“We want to use the lab for many different production-related challenges,” she said. “But the first project will be to address the lack of access to kelp seed in Long Island Sound.”

The grant funds will also pay for the creation of a publicly accessible manual and video about kelp nursery set-up and operations for small-scale farms.

Approximately four farms have been consistently growing kelp over the last seven years in Long Island Sound, a number that would likely be much higher if seeded string were readily available, she said. Both active farmers and those who would like to start farms have repeatedly asked for help solving the seeded string deficiency.

“This mobile seaweed lab is a significant step because it will provide the infrastructure where the emerging needs of various sectors can be immediately addressed through applied research and training opportunities,” Concepcion said.

CT Sea Grant Associate Director Nancy Balcom said the two projects demonstrate how Sea Grant directly responds to identified needs.

“We look at who is being affected, who needs to be at the table in order to help solve the problem, and what resources are required,” Balcom said.  “By securing those resources and facilitating that involvement, we help ensure that collective action leads to shared benefits.”

More information: Judy Benson, CT Sea Grant communications coordinator:; (860) 287-6426

Wrack Lines explores the many facets of marine education

boat in the background with 2 men in hats holding a netThe new issue of Wrack Lines is now posted on the sea grant website! Learn about the inspiring journey of a mini sailboat, lessons from beaches and school aquariums and the unique geology of the Connecticut shoreline in their newest issue. More good reading can be found in articles about how the ocean literacy campaign and ocean identity research are working to expand marine science education.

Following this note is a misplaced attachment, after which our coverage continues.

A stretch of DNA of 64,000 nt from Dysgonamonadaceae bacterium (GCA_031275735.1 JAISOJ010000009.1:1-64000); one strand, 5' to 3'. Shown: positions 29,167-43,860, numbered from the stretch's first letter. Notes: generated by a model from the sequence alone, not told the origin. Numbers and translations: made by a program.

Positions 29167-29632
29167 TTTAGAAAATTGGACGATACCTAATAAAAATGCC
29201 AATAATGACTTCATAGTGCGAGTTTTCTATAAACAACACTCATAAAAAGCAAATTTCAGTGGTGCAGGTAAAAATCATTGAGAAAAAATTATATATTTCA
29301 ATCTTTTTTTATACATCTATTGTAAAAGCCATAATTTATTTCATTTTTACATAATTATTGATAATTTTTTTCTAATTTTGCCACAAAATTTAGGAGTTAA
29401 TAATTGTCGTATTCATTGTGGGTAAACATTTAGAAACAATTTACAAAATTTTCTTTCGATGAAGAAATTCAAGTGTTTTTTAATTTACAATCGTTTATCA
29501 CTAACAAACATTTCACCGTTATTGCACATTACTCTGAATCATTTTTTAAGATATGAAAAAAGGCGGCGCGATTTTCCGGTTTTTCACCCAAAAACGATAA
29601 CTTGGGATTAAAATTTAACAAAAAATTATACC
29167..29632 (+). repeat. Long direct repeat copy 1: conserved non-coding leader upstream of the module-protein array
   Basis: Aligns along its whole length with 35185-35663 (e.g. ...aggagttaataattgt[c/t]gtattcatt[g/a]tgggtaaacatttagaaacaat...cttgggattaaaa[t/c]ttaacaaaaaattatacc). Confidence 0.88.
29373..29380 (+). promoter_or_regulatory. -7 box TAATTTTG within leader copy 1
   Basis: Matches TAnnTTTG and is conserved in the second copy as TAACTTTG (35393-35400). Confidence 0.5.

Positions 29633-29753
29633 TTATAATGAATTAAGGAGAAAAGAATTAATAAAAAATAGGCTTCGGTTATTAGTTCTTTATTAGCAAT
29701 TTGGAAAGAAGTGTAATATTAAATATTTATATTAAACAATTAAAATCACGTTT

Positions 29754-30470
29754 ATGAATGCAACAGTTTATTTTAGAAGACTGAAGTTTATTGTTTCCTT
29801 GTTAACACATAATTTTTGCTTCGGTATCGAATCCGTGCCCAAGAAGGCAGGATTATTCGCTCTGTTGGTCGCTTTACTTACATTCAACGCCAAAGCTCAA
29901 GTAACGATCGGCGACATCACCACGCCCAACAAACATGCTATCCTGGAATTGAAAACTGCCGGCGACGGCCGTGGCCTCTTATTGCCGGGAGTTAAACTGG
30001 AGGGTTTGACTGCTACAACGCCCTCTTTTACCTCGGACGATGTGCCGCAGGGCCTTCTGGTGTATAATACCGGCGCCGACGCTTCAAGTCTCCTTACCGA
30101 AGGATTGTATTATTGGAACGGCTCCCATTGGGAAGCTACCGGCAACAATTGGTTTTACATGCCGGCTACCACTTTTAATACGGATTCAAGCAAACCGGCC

Check it out at


‘Seaweed Food Safety’ report examines federal, state regulations

seaweed growing on a line, being pulled out of the waterThe National Sea Grant Law Center has announced the release of a new seaweed food safety publication produced in partnership with New York Sea Grant and Connecticut Sea Grant as part of the National Seaweed Hub.

“Seaweed Food Safety: Comparing Compliance with Preventive Controls for Human Food with Seafood HACCP” was developed to help the emerging seaweed industry understand the prevailing regulatory requirements surrounding the production of seaweeds as foods. There are currently two regulations that are being used to regulate seaweeds at either the federal or state level, the Food Safety and Modernization Act’s Preventive Controls for Human Foods regulation, which includes current Good Manufacturing Practices, and the Seafood HACCP regulation. This guide will help readers understand the similarities and differences between the two regulations to be more informed and determine how their operations will be regulated federally.

The guide was drafted by a core team including Dr. Michael Ciaramella of New York Sea Grant, Anoushka Concepcion of Connecticut Sea Grant, and Catherine Janasie and Stephanie Otts of the National Sea Grant Law Center. Members of the National Seaweed Hub’s Regulations Work Group and the Seaweed Food Safety Training Workgroup (coordinated by New York Sea Grant), which include agencies, academics, industry, and non-profits, assisted with revisions and edits.

This report is a product of the National Seaweed Hub’s Regulations Work Group. It is one of 4 responsive resources developed to address an immediate need identified by the national seaweed aquaculture stakeholders.

Guide showcases geology, ecology, wildlife of CT shoreline

Front Cover of the guide, with a CT Sandy Shores photoConnecticut Sea Grant and the Connecticut College Arboretum are pleased to announce the publication of Connecticut’s Sandy Shores: An Introduction to the Geology, Plants and Animals, a 130-page guidebook with dozens of color photos and illustrations along with explanatory text about the ecology, geology, common species and why Connecticut’s sandy beaches differ from many others along the Atlantic seaboard.

Printed on water resistant paper, the book is intended as an educational companion for visits to the shoreline by anyone interested in learning about the coastal environment, including formal and informal educators, birders, artists, students and the general public.

“Our hope in developing this guide is that people can take this guide to the beach in any season and appreciate and understand this highly dynamic system, especially in light of the changing climate and its impacts on Connecticut’s shoreline,” said Juliana Barrett, CT Sea Grant coastal habitat specialist, UConn extension educator and lead author.

For more information about the guide, and how to order, visit the website.